Effect of fruit maturity stage of orange on the wound response to Penicillium digitatum (pathogen) and P. expansum (non-host pathogen)
Torres Sanchis, Rosario
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Penicillium digitatum and P. expansum are postharvest necrotrophic fungi that require wounds to infect the fruit. Therefore, injuries caused during harvesting and postharvest handling provide an optimal locus for infection. In this study, we evaluated the effect of wound response in oranges harvested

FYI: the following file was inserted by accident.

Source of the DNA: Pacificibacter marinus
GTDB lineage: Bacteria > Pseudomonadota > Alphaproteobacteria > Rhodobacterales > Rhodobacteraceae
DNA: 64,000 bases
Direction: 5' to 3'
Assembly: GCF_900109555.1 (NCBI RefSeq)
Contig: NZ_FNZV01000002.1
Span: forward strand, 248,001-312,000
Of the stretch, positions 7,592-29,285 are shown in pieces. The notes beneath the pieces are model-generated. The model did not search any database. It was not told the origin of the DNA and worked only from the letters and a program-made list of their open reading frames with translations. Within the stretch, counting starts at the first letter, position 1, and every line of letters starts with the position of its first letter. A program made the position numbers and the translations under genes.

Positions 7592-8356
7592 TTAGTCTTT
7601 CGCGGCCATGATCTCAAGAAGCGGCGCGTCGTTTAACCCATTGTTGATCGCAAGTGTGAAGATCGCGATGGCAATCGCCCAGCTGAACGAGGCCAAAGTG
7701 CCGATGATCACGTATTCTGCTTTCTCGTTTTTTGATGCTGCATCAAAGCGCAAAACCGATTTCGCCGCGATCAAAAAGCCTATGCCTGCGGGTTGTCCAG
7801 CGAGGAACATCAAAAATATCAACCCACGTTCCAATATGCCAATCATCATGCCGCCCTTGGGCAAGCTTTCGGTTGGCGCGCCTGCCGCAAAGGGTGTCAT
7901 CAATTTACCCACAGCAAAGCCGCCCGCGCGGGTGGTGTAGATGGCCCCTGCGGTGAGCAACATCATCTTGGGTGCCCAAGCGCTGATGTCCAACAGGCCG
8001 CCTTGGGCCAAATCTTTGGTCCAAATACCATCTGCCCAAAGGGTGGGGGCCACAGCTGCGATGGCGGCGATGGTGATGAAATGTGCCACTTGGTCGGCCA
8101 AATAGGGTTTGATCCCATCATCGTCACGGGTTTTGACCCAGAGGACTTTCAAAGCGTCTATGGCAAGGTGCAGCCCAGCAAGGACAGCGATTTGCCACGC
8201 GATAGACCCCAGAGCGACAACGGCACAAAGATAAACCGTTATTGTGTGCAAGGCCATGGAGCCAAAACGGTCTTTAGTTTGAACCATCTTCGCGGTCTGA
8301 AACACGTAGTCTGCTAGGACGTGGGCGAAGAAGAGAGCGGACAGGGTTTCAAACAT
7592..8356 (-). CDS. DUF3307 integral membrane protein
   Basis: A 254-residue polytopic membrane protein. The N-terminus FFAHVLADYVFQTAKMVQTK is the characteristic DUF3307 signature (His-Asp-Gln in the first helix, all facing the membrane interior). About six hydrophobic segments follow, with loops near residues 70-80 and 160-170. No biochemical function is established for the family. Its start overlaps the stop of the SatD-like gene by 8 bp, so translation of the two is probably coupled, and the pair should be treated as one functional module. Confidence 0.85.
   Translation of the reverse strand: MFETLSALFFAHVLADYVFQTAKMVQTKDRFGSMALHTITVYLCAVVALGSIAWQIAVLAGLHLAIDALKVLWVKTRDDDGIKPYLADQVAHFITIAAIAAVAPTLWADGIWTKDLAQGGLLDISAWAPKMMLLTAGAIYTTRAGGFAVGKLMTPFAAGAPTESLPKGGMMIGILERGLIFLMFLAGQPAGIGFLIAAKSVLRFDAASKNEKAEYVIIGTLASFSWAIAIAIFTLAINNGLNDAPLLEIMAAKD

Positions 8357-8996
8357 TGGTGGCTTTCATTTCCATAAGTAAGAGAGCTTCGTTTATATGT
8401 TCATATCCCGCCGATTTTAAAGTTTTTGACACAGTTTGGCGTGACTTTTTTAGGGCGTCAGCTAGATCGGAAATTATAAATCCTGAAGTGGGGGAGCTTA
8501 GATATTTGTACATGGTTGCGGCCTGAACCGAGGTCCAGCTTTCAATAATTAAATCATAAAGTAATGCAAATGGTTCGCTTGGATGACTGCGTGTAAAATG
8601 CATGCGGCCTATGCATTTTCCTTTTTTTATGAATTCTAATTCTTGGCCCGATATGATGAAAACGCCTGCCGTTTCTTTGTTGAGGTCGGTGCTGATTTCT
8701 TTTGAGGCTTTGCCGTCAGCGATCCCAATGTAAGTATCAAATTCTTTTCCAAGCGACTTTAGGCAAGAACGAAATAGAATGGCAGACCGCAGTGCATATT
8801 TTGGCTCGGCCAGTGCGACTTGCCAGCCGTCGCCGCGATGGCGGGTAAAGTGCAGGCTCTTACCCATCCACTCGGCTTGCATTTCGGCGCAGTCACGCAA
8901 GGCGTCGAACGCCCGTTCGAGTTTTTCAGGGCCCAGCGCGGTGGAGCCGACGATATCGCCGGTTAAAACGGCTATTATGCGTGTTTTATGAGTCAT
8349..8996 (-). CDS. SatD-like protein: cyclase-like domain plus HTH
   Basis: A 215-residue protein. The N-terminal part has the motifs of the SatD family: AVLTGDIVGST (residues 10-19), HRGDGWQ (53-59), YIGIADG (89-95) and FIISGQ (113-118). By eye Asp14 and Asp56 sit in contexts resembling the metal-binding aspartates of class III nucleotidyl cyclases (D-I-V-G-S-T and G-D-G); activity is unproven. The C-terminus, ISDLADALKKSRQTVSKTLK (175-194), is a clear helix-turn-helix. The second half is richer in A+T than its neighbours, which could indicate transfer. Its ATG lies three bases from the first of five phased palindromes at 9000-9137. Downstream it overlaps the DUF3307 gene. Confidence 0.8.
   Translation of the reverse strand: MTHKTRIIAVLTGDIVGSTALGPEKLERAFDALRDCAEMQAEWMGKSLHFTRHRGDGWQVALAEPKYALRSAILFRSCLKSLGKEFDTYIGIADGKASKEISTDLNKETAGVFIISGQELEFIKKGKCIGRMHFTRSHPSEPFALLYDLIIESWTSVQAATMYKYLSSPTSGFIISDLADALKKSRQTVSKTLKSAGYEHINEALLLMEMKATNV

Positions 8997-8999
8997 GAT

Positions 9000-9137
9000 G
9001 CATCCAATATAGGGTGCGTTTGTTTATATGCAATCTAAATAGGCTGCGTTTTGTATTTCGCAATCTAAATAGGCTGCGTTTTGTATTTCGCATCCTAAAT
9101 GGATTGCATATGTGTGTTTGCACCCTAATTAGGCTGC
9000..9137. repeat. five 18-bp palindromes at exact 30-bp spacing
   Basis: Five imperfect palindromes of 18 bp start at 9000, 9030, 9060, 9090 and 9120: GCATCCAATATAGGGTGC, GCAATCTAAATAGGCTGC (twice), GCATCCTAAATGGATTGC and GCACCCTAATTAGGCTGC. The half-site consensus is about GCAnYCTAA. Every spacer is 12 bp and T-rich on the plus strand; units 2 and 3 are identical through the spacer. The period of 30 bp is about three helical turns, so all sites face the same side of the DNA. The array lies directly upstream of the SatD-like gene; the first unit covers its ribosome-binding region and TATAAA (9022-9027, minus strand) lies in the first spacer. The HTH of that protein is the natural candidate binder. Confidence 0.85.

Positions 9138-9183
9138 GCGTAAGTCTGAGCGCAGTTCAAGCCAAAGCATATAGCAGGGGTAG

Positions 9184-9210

at three different maturity stages and stored at two different temperatures (20 and 4°C), on the infection of fruit by either pathogen. The effect of wounding and pathogen inoculation on lignin content and the expression of several phenylpropanoid pathway-related genes were also analyzed. P. digitatum exhibited lower decay incidence and severity as the time between wounding and inoculation increased, and these differences were more evident in fruit from immature and commercial harvests. P. expansum was able to infect oranges, and lesions obtained at 4°C were larger than those obtained at 20°C. In general, lignin content was highest in fruit from the immature harvest. The accumulation of pal1 and pox1 mRNA at 24 h was higher in samples infected with both pathogens than in control samples. However, samples inoculated with P. digitatum showed an important decrease after 48 h. Our results indicate that maturity and storage temperature play important roles in orange wound response.